The specifics, for the purposes of this discussion, don’t matter nearly as much as the intent, which is to get the body — and, specifically, the arm — functioning at a high level in training so that it is not revved up to another level in-game. That means being not only a strong thrower but an efficient one, understanding movement patterns and how the joints and muscles work.

To Knutson, the key is to throw more, not less. Not pitch, mind you, but throw.

“I think guys just don’t throw correctly,” he said. “[They] don’t use their body. A lot of them are pitching out of their delivery, and that’s it. They don’t crow hop or use their body right. You want to get their bodies moving so they can use momentum and get their bodies to throw. Just doing those things on a day-to-day basis has a lot of carryover.”

Alan Jaeger, a Los Angeles-based independent pitching instructor who advocates aggressive long-tossing, seconds that notion. He calls the arm a “living, breathing organism that is trying to evolve,” and that evolution, he contends, requires an intimate understanding of how the arm cycles in and out of shape.

“You can’t train someone in second gear and then ask them to perform in fifth gear,” Jaeger said. “We’re heavy into arm training and arm conditioning, and there’s an art form to that. It’s not just long toss or band work. There’s real, deep insight needed into how you condition in the offseason, how you condition in-season, as opposed to a throwing program that’s a model of the rehab program.”

So, do Major League clubs, at large, have sufficient resources on hand to understand the distinctions between those two programs?

The specialization

“I think baseball’s kind of at that point where they want people with a work ethic, they want people that are willing to go the extra mile,” said Cubs Minor League pitching coordinator Derek Johnson.

And Johnson should know. The former associate head coach at Vanderbilt was a significant hire, for it’s rare for a Major League organization to mine the college ranks when filling that type of position. But Johnson had earned esteem within the industry for grooming power pitchers like David Priceand Mike Minor, and his ability to adapt to individual players’ specific needs was lauded. So the Cubs gave him a shot.

“I think it’s a shift that may end up happening more,” Johnson said.

Johnson has spent his first season in the Cubs’ system visiting the various affiliates and gleaning an understanding of the personnel. His goal in the future will be to implement programs that train arms to absorb the stress placed on them in-game and to do so on an individualized basis.

“That’s the tough part,” Johnson said. “Any strength trainer or athletic trainer will tell you guys are built differently. Where baseball is at now is: We bean count. We count pitches, we count innings. I think if that were that easy, you’d see a lot less injuries.”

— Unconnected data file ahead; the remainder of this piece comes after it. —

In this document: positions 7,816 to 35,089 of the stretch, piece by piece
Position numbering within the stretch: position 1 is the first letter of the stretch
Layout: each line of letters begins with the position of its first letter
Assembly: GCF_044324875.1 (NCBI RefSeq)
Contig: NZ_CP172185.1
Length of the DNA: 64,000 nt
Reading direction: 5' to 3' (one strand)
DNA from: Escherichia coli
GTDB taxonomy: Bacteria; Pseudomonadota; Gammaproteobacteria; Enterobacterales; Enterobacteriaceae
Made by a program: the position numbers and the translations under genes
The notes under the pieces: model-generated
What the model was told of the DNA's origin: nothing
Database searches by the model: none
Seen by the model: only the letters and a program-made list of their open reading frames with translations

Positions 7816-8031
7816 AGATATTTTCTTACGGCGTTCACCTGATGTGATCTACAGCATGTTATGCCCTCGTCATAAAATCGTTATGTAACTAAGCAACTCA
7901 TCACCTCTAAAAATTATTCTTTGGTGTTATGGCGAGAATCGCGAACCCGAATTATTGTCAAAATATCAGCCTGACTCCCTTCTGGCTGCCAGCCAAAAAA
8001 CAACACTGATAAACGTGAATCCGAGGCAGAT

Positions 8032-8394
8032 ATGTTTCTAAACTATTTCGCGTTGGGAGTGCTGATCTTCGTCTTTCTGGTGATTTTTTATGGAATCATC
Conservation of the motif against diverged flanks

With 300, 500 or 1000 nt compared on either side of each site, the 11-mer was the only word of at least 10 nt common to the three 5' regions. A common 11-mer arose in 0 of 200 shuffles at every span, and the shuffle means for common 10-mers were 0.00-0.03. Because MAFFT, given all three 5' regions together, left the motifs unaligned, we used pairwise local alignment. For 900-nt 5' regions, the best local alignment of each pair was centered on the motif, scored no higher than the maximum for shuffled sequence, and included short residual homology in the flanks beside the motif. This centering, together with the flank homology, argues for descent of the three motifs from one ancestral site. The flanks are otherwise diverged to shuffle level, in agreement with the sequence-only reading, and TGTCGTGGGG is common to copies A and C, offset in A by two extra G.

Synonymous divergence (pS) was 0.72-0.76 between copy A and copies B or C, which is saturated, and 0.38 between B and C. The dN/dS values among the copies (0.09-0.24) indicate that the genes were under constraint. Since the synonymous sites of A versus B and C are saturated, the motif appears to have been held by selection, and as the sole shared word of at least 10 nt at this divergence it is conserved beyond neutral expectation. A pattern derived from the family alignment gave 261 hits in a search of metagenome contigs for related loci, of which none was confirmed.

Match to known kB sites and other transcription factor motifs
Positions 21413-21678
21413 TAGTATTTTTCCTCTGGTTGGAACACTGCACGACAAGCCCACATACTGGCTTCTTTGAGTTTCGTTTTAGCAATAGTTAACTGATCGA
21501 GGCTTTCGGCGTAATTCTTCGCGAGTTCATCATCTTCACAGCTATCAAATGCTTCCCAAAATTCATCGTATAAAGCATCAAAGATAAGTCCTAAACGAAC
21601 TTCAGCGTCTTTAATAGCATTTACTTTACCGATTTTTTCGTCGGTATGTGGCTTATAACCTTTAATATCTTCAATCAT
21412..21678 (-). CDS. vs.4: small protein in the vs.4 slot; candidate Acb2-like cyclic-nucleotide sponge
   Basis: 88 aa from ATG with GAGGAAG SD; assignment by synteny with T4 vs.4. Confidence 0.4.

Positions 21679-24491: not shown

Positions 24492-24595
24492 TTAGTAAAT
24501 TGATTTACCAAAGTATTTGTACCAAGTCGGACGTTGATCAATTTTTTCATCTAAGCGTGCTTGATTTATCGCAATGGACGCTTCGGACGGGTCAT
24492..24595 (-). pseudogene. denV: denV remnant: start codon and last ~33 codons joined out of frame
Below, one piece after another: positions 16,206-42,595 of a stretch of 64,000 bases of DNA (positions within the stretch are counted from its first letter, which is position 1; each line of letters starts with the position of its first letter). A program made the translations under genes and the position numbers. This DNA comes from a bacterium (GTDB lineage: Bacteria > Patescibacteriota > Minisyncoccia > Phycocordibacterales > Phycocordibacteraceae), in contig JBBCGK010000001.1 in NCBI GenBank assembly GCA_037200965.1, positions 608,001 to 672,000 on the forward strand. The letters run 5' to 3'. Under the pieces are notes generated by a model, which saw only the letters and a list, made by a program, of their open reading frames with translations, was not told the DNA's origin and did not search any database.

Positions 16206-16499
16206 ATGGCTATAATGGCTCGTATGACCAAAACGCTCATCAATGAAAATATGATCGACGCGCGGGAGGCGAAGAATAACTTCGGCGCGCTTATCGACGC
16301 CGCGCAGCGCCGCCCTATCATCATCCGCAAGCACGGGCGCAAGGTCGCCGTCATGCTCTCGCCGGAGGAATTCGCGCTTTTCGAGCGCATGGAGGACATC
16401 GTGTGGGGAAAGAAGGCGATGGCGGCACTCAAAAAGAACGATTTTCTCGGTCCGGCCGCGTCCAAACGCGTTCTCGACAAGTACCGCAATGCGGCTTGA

Injuries can arise when a player’s pitching mechanics and physical preparation aren’t in sync, and perhaps that’s a gap a person with Johnson’s level of expertise can help address.

“The way that I would look at is there are three people involved with a pitchers’ health: the pitching coach, the athletic trainer and the strength and conditioning coach,” Johnson said. “They have to be able to assess what is going on as much as they can inside of this guy, whether it’s his arm or his leg or his core. Anything that can make him more mobile, more flexible, stronger, whatever. And I think sometimes those three people end up … not working against one another, but maybe not understanding each other and what they can all bring to the table.

“If the pitching coach has good understanding of the training and conditioning, and the athletic and strength trainer have a working understanding of the mechanics, then you’ve got three people working in unison on this guy and not taking two steps forward and one back, which probably ends up happening way more than it should.”

The strength coach focuses on implementing routines for the roster at large, the athletic trainer focuses primarily on rehab and the day-to-day bumps and bruises, and the pitching coach has a wide array of responsibilities, from tweaking mechanics to poring over scouting reports to monitoring bullpen sessions.

Given the proliferation of pitcher injuries within this context — and the specialization of sport, in general — perhaps the next logical step is for an organization to add an educated conditioning coach specifically focused on the maintenance and recovery of the arm itself.

“It’s probably the next thing,” Price said. “There’s one of everybody now in this game. It’s probably the next place to be. But I’ll tell you this: One thing I do know is that none of us have figured out this pitching thing, top to bottom.”

That’s for sure. And Harvey’s injury was another cruel reminder — as if we needed one — that the careful attention being paid to pitch counts and workloads isn’t moving the needle on injury prevention. It doesn’t mean those tactics totally lack value; it’s just that they are a part of a bigger picture the game is still struggling to piece together.

Chances are we’ll never fully grasp that picture. Diagnosed or not, major arm injuries have been happening since the beginning of baseball time. But be it through science, strategy or specialization, perhaps there are still relatively untapped methods of improving the condition of conditioning and reducing the rate of injury.

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Anthony Castrovince is a reporter for Read his columns and follow him on Twitter at @Castrovince. This story was not subject to the approval of Major League Baseball or its clubs.